A new organ was installed in 1926. 3
Trinity Lutheran Christian Day School. 5
A 1916 plat map for Centralia shows the location of the church and the school on South Hickory.
The 1895, 1900, 1904 and 1920 Centralia city directories show a majority of the Trinity Lutheran families living on South Cherry and South Hickory streets. Besides the Toenningsmeyer, Hoeinghaus, and Gutzler families, the Knollman, Knipping, Meyer and Brockschmidt families also lived on the same streets. Some family members still own houses on those streets in 2017.
Henry Hoeinghaus (grospa), his wife Charlotte Voigt (grosma), daughters, and grandson Sylvester (Butch) Johnson.
One of the Gutzler families in front of their house in Centralia. 5
The 1895 Centralia directory lists William Toenningsmeyer at 724 South Hickory, Henry Hoeinghaus at 707 South Cherry located directly behind the church, and Henry's brother, William Hoeinghaus, living across the street from the church at 713 South Hickory.
The 1920 Centralia City Directory listed the following Gutzler family members:
Miss Frances Gutzler, works Envelope Factory, 726 S.Hickory
Fred Gutzler, wife Linda, miner No. 5 mine, 740 S.Cherry
Harry Gutzler, miner No.5 mine, 706 S.Cherry
John Gutzler, wife Minnie, miner No.5 mine, 706 S. Cherry
John H.Gutzler, wife Lydia, miner No.5 mine, 721 S.Cherry
J.W. Gutzler, wife Emily, miner No.5,712 S. Cherry
Paul Gutzler, miner No. 5 mine, 400 S. Cherry
Looking south on South Hickory Street. William Hoeinghaus lived at 713, the first house on the left.
707 South Cherry Street where church founder, Henry Hoeinghaus, lived. This house is located directly behind the church.
With the tight knit group of German Lutheran families, it was inevitable that there would be marriages among the families. William Toenningsmeyer (founder) married Caroline Gutzler; Henry Hoeinghaus (founder) married Charlotte Voigt; Fred Gutzler married Louisa Meyer; John Henry Gutzler married Lydia Brockschmidt (photo below); Gustave Toenningsmeyer married Ida Brockschmidt; Gustav Gutzler married Emma Knipping, and the list goes on.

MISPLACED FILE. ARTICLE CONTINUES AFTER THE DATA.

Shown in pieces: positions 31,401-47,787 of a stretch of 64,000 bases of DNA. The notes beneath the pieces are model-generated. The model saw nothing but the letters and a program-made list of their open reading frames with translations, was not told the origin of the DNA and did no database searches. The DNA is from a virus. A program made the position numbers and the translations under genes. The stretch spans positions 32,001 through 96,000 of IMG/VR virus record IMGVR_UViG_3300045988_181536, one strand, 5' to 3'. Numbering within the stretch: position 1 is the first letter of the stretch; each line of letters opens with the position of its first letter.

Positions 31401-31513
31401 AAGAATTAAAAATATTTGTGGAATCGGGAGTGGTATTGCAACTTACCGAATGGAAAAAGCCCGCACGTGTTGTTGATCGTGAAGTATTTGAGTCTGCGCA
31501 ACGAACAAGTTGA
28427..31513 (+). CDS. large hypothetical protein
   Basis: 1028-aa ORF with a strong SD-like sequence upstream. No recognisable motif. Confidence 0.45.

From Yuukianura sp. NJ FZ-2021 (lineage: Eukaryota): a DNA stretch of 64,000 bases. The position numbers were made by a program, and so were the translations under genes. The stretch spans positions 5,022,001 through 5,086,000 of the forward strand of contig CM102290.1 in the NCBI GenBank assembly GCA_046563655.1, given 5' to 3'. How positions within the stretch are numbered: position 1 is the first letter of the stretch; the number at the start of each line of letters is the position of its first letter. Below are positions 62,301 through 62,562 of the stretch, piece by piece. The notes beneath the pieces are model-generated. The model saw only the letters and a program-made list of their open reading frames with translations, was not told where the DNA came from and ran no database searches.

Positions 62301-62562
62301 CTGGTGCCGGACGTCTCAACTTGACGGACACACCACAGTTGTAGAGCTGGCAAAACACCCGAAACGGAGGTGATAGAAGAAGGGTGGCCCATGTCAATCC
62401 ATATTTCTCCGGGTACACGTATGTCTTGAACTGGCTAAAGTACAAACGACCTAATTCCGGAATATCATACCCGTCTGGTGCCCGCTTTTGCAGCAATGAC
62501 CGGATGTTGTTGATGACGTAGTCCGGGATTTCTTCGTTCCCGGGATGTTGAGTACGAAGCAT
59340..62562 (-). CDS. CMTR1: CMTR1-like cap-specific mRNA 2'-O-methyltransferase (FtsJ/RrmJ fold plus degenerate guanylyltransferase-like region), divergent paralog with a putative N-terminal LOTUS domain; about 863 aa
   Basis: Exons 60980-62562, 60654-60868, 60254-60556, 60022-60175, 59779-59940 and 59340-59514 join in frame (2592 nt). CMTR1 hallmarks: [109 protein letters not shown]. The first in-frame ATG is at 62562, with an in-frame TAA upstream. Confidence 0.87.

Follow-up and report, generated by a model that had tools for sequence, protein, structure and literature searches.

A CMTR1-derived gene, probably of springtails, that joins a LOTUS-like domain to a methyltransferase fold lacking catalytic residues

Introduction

John Henry Gutzler married Lydia Brockschmidt. John Henry died in the 1947 Centralia № 5 mine disaster.5
1902 church register listing family members, Hoeinghaus, Brockschmidt, Knipping and Toenningsmeyer.5
In 1903, my 2nd great grandmother, Caroline Hoeinghaus, became pregnant out of wedlock. She was nineteen. Bill Toenningsmeyer Jr., the son of church founder, William Toenningsmeyer Sr., was the father. When Caroline's father, Henry Hoeinghaus, and Bill Toenningsmeyer Jr's father, William Sr., found out about the pregnancy, they did not consent for the young couple to marry. Caroline was forced, by her father, to marry Edward Simpkin (as indicated in the church record below) which she did on December 17, 1903. Her son, Sylvester, was born in May 1904. The marriage to Edward Simpkin did not last long, and on October 21, 1907 Caroline married Oscar Alvin Johnson in Paducah, Kentucky. Oscar adopted Caroline's son, Sylvester (my great-grandfather). 7
Caroline Hoeinghaus with son, Sylvester.
Church record of Caroline Hoeinghaus' marriage to Edward Simpkin on December 17, 1903. She was already 4 months pregnant and would give birth to Sylvester in May 1904. 9
1904 baptisms of Sylvester, Heinrich and Friedrich, parents (and step-parents) listed as Edward Simpkin and Karoline (Caroline) Hoeinghaus, Godparents, Heinrich (Henry) Hoeinghaus and Friedrich Vogt. 9
Years later, in 1992, the story of my great-grandfather's (Sylvester) out of wedlock birth was disclosed by my great-grandmother, Frances Maroon Johnson, in letters written for their children. In those letters Frances remarks how Butch (Sylvester) had always been burdened by the story, but felt that, with the Trinity Lutheran church celebrating its 100th Anniversary in 1992 (as featured in a huge write up in the Centralia Sentinel), the time was right to tell the children about it. The letter, excerpts below, that Frances wrote to my grandmother, shares the story as told by Caroline Hoeinghaus. 5
Letter from Frances Maroon Johnson, written to her kids, recounting the out of wedlock birth of Sylvester as told by her mother-in-law, Caroline Hoeinghaus Johnson. 7